The new leggiest animal on Earth

The leggiest animal on the planet, Eumillipes persephone Marek, 2021 with 1,306 legs.

In September 2020, I received an email from Bruno Buzatto in Perth, Australia, about a millipede that he and his colleagues found in Western Australia. He explained that it was thin and long and had close to 200 segments. He attached an image of the animal. Familiar with millipedes with many legs—like the previous record holder of leggiest animal Illacme plenipes Cook & Loomis, 1928I was immediately interested and closely examined Bruno’s images. At first glance, the millipede appeared to be a relative of I. plenipes in the order Siphonophorida and family Siphonorhinidae. This quick image-based determination was based on the the millipede’s narrow thread-like body, lack of eyes and pigmentation, cone-shaped head, and enlarged antennae. I did a quick count of my own from Bruno’s image, and it appeared to have 204 segments and 806 legs, which is more than the 192 segments and 750 legs of the previous record holder, I. plenipes. Recognizing that it was something new and really exciting, I explained that I would be very interested in examining specimens in detail.

After depositing the specimens in the Western Australian Museum and introducing me to the museum’s arachnids and myriapods curator, Mark Harvey, the specimens were shipped to my laboratory at Virginia Tech. Mark, an arachnologist and expert in the subterranean invertebrate diversity of Western Australia, also shipped some extra specimens of Siphonophorida, including Australian siphonophorids and the South African siphonorhinid, Nematozonium filum Verhoeff, 1939—the supposed Old World relative of I. plenipes.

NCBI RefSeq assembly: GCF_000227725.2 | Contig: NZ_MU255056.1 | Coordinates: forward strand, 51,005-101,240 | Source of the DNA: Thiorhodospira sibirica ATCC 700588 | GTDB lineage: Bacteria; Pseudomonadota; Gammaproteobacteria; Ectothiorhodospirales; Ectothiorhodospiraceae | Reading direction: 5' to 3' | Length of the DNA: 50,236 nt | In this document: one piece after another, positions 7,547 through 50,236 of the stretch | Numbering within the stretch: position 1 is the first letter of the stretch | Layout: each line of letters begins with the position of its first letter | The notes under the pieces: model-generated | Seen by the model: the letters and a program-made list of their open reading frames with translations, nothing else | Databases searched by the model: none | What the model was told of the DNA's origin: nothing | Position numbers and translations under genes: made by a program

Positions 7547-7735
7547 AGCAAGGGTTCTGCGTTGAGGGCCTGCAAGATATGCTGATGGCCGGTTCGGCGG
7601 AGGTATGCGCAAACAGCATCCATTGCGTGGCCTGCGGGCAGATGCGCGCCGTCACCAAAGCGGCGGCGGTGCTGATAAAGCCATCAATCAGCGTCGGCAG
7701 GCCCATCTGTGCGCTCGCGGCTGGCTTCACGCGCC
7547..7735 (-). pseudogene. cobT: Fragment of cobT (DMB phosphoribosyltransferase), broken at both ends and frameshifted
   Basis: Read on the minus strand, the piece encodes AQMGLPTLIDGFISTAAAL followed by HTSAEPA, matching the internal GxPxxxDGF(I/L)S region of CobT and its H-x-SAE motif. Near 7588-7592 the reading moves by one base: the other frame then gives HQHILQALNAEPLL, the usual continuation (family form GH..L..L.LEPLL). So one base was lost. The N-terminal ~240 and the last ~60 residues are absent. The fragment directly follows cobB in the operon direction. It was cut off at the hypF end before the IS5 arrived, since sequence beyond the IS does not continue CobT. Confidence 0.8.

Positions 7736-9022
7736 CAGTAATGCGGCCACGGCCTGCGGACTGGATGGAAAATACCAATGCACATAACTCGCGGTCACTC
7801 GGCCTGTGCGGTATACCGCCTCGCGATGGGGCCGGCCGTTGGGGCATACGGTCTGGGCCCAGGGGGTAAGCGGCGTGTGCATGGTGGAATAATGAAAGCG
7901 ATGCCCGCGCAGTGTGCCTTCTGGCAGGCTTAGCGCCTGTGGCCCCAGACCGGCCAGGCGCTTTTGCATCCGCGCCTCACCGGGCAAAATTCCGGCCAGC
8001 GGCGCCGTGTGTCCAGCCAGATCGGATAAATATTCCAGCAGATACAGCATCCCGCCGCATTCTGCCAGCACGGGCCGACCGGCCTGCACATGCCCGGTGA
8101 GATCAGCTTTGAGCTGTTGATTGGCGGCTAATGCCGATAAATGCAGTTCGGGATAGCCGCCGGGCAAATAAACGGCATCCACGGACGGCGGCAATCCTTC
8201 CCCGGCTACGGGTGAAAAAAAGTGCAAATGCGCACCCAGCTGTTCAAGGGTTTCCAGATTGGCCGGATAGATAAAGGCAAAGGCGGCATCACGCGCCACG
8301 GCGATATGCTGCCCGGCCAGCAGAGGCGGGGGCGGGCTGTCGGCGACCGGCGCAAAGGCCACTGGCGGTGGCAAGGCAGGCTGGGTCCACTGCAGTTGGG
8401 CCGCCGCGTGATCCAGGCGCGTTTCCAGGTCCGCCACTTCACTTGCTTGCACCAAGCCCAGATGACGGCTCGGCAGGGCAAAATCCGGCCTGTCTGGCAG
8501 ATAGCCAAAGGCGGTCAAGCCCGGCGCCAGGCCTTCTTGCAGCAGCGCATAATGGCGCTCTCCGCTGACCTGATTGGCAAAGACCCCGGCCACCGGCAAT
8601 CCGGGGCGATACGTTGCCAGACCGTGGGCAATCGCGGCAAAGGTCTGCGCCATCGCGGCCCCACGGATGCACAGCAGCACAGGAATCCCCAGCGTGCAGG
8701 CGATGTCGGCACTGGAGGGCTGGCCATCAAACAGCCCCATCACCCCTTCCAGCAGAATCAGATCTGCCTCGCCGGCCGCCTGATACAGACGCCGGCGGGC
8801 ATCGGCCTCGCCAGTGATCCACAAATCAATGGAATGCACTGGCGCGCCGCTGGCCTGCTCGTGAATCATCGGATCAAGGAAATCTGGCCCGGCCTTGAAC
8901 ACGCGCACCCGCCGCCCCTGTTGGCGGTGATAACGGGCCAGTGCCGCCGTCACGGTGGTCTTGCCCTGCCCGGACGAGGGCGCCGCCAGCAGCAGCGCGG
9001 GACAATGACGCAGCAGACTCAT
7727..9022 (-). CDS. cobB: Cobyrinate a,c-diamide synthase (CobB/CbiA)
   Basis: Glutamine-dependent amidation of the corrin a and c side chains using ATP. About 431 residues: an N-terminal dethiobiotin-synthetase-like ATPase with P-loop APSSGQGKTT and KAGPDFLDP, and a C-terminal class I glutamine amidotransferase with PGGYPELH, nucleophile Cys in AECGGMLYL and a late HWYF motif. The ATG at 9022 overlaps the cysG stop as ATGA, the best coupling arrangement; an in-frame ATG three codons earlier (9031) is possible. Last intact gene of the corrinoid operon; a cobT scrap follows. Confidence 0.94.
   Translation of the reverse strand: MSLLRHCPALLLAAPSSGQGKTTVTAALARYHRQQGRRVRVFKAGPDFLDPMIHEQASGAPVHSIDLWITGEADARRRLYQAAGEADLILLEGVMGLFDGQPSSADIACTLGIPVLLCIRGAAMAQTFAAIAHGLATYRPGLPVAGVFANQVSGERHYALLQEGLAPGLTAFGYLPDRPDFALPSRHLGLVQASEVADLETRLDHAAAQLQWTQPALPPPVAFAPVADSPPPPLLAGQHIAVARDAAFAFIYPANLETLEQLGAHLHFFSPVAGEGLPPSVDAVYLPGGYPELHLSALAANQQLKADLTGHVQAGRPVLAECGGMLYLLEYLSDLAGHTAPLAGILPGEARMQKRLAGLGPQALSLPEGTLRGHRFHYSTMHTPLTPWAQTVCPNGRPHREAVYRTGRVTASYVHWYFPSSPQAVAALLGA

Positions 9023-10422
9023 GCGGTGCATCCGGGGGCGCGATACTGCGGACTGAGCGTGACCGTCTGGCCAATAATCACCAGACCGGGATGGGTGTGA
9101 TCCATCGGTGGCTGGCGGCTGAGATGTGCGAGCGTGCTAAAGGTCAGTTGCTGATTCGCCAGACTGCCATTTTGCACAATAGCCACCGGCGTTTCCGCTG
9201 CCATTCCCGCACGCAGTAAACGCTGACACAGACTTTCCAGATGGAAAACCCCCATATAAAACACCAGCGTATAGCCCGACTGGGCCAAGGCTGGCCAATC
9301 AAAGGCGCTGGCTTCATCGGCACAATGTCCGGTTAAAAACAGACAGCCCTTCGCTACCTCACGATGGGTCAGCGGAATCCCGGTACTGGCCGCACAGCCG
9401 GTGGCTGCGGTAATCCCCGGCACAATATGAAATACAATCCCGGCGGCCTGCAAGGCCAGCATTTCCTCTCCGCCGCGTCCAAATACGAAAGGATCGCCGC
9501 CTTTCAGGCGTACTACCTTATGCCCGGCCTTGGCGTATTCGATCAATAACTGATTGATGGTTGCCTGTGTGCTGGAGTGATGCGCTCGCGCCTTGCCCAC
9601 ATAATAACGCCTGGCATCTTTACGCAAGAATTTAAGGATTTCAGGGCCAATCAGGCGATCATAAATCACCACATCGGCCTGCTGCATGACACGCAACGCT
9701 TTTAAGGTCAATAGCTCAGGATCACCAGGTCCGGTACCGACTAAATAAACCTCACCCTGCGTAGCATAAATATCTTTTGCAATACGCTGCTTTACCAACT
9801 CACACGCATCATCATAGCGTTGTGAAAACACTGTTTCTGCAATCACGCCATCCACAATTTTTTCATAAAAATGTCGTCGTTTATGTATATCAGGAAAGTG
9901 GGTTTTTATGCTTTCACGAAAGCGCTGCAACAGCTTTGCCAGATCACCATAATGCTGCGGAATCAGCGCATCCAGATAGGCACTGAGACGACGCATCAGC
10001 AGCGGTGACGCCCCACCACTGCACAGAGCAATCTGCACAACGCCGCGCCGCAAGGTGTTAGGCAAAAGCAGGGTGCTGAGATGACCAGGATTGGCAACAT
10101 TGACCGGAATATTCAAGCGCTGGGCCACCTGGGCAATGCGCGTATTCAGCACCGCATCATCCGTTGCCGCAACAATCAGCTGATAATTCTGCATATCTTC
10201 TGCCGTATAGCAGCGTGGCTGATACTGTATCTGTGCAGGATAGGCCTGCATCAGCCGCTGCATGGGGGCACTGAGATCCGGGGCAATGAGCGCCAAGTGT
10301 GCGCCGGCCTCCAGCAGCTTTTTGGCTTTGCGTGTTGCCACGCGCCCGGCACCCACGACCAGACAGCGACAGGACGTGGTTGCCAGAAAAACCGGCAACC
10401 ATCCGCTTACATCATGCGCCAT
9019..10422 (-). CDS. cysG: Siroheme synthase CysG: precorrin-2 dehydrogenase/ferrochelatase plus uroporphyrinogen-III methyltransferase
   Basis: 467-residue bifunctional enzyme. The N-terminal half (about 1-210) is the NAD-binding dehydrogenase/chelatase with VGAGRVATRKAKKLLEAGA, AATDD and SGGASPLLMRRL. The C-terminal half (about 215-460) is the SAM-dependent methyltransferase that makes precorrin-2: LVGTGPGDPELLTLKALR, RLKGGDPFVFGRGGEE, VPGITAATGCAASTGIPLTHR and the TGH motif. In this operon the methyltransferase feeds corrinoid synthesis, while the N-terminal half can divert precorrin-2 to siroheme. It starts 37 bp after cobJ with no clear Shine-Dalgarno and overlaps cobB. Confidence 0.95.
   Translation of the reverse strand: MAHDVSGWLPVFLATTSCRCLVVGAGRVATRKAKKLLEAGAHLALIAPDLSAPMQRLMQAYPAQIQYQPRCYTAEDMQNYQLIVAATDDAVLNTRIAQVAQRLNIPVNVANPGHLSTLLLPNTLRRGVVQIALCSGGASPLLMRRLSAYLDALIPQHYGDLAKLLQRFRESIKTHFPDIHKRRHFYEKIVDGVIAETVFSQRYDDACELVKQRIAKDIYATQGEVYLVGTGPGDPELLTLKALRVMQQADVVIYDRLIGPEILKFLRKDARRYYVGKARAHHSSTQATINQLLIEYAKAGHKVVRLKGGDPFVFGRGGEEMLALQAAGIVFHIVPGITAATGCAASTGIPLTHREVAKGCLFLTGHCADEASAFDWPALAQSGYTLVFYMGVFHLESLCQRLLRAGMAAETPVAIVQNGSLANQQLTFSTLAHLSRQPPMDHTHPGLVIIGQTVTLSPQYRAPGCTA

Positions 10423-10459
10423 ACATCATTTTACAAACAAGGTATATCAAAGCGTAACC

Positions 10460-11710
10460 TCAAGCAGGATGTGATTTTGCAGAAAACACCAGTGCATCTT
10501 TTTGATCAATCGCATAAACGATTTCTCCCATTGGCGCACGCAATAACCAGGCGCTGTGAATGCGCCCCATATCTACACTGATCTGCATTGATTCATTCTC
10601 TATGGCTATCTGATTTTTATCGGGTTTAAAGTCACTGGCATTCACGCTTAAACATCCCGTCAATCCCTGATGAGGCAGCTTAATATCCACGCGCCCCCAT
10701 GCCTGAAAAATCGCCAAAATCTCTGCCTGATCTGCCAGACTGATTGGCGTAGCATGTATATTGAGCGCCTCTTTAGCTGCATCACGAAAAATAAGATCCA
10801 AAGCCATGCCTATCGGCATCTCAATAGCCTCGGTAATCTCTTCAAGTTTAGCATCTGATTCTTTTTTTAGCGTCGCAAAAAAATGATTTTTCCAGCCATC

Eumillipes persephone, ventral view of legs (male holotype, T147101)

Waiting for the specimens to clear customs, U.S. Fish and Wildlife approval, and arrive in Blacksburg, I studied the diversity and distribution of the order Siphonophorida in Australia, and was reminded that although the family Siphonophoridae occurs in Australia, the Siphonorhinidae are not known to occur there. I knew that the country has many undescribed genera and species of the order Polyzoniida, but these known members of this family have eyes, dark pigmentation (many even with longitudinal or transverse yellow or white stripes), and are relatively flat and wide. They also occur on the surface, and no subterranean members of the order were known to occur in Australia.

An undescribed genus and species of surface-dwelling polyzoniidan millipede from Walpole, Australia with 90 segments (family Siphonotidae)

Once the specimens arrived, and I looked at them with my stereomicroscope, they immediately looked like something that I have never seen before. Its small conical head, smooth dorsal surface of its segments, large antennae with equally sized antennomeres, and ozopores (chemical defense gland openings) set in far from the lateral edges, indicated that this was an extremely odd member of the order Polyzoniida. Previously, there had been no (known) members of the order without eyes, and there was no evidence of any ocular structures on the head of this millipede.

The specimens were long, thin, and coiled up like watch springs. I carefully uncoiled the specimens, photographed them, and counted segments. I selected the longest one to count first, and to my amazement, it possessed a phenomenal 330 segments and 1,306 legs.

Eumillipes persephone male specimen T147101, ventral view of segments 1-9 and dorsal view of cone-shaped head.

Anteriormost 66 segments of a female paratype of E. persephone with 330 rings and 1,306 legs.

Eumillipes persephone also features:

  • A very long body for its very narrow width. Its dimensions are about the width of sewing thread (0.95 mm) and as long as your fist (95.7 mm).
  • Females are wider, longer, and have more legs than males. The leggiest male has 208 segments, 818 legs, and is 0.92 mm X 54.7 mm. Females must be larger to store eggs. (Sperm is small.)